- provides a space devoted to the conceptual framework known as Hodges' model. Read about this resource for HEALTH, SOCIAL CARE, INFORMATICS and EDUCATION. The model can facilitate PERSON-CENTREDNESS, CURRICULUM DEVELOPMENT, HOLISTIC CARE and REFLECTION. Follow the development of a new website using Drupal as I finalise my research question with part 2 starting in 2016. See our bibliography, posts since 2006 and please get in touch [@h2cm]. Welcome.

Monday, March 03, 2008

DSL examples - thrills and spills: "Data lend me your ear!"

The final chapters of Olsen's book Design Patterns in Ruby made my lips dry. I hadn't checked ahead, but Olsen mentions mid-text what's to follow. In getting there and reading about the Interpreter pattern and DSLs, I do hope this does not prove a one-off date. Olsen's book IS brilliant (and besides Ruby looks so dynamic across the dance floor), but the examples used were tinged with anti-climax and prompted a reality check.

Olsen's examples DO illustrate the principles, like most things worthwhile they need deliberate reading, but they DO deliver. So what's up? Well, the examples presented are taken from the world of IT (file backup). Yes, I know... well what do you expect! I had hoped for a DSL from a less technical domain; something left-of-centre, something that traverses the HUMANISTIC - MECHANISTIC divide. This is where the definitions of domain, DSL and the craft of caring and programming can (possibly) provide some useful insights.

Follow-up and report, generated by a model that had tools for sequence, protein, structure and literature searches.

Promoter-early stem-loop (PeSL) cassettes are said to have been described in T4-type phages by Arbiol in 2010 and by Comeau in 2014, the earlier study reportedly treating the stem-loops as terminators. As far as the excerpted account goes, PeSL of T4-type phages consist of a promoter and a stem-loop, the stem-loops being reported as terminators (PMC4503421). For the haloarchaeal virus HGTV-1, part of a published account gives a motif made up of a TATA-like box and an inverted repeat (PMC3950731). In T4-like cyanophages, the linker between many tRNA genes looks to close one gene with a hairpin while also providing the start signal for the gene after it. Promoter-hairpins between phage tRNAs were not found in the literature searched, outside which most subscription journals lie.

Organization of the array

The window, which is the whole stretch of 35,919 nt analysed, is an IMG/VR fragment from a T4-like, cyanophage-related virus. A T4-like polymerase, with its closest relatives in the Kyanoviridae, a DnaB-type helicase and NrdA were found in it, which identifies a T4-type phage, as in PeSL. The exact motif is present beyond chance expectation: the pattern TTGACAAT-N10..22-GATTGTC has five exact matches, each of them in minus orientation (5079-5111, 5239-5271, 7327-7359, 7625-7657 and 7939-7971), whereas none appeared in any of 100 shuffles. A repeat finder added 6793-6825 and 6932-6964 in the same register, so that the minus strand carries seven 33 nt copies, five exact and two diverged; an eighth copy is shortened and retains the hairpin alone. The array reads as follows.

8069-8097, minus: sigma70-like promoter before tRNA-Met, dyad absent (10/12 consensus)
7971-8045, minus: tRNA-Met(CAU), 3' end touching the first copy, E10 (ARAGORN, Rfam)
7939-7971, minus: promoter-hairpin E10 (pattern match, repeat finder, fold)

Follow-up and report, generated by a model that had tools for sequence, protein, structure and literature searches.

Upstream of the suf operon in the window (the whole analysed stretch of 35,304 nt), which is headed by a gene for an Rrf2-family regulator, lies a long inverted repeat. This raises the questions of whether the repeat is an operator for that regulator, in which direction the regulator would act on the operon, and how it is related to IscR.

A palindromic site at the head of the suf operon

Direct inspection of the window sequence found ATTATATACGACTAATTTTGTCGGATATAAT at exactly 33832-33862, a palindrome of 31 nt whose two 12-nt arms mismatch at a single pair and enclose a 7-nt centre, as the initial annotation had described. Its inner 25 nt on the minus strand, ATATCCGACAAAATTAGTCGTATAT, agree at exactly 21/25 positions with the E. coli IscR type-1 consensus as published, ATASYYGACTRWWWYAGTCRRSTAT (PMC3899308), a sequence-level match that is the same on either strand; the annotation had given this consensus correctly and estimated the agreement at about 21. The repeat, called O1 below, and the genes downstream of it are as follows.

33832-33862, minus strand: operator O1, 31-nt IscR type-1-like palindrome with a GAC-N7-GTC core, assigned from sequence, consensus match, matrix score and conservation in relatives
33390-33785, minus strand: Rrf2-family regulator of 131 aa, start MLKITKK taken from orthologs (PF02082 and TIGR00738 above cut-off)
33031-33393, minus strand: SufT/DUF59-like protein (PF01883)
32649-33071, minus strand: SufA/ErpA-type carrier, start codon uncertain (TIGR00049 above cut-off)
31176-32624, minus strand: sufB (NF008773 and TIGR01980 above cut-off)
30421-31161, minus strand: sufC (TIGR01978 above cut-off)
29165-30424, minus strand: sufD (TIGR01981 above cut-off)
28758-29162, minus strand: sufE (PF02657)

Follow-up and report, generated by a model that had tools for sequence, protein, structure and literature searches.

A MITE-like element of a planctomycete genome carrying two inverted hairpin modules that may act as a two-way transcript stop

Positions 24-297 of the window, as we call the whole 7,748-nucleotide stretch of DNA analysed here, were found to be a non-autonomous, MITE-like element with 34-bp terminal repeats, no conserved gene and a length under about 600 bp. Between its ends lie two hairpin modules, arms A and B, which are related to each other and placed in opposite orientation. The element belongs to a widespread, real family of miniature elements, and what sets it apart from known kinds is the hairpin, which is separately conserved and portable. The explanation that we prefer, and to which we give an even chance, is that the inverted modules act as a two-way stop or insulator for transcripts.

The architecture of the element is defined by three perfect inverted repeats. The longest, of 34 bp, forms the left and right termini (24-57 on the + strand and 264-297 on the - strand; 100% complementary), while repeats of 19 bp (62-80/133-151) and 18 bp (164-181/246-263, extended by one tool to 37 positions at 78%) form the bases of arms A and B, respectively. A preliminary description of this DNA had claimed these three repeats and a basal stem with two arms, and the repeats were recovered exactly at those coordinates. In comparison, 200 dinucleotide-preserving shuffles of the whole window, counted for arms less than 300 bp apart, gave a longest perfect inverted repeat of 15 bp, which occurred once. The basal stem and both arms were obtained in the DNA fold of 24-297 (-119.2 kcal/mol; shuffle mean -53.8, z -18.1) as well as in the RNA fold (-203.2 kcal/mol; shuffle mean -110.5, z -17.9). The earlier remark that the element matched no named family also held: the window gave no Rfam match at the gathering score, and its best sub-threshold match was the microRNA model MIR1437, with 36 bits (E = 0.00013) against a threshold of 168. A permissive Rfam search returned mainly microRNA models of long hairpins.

For decades the literature and projects have focussed upon nursing languages. Communication relies on language of course. Even the absence of messages - verbal, non-verbal or other - tells us something. In health and other professions great emphasis is placed upon communication skills. We have to listen actively. How we listen - the constraints, what we deem as significant, and what is subsequently recorded and retained defines our care domains.

Star Trek Galactic QuadrantsThe domains that are the subject of DSL are specific, which explains how they can be implemented in some 50-70 lines of code (this also says something about Ruby). In contrast, within Hodges' model those four domains may as well be galactic quadrants they are so broad. Regardless of this (non-trivial) issue, standing at the nexus of h2cm the question needs to be asked (and is constantly being asked by health & informatics communities):

How good a listener can the MECHANISTIC ear be?

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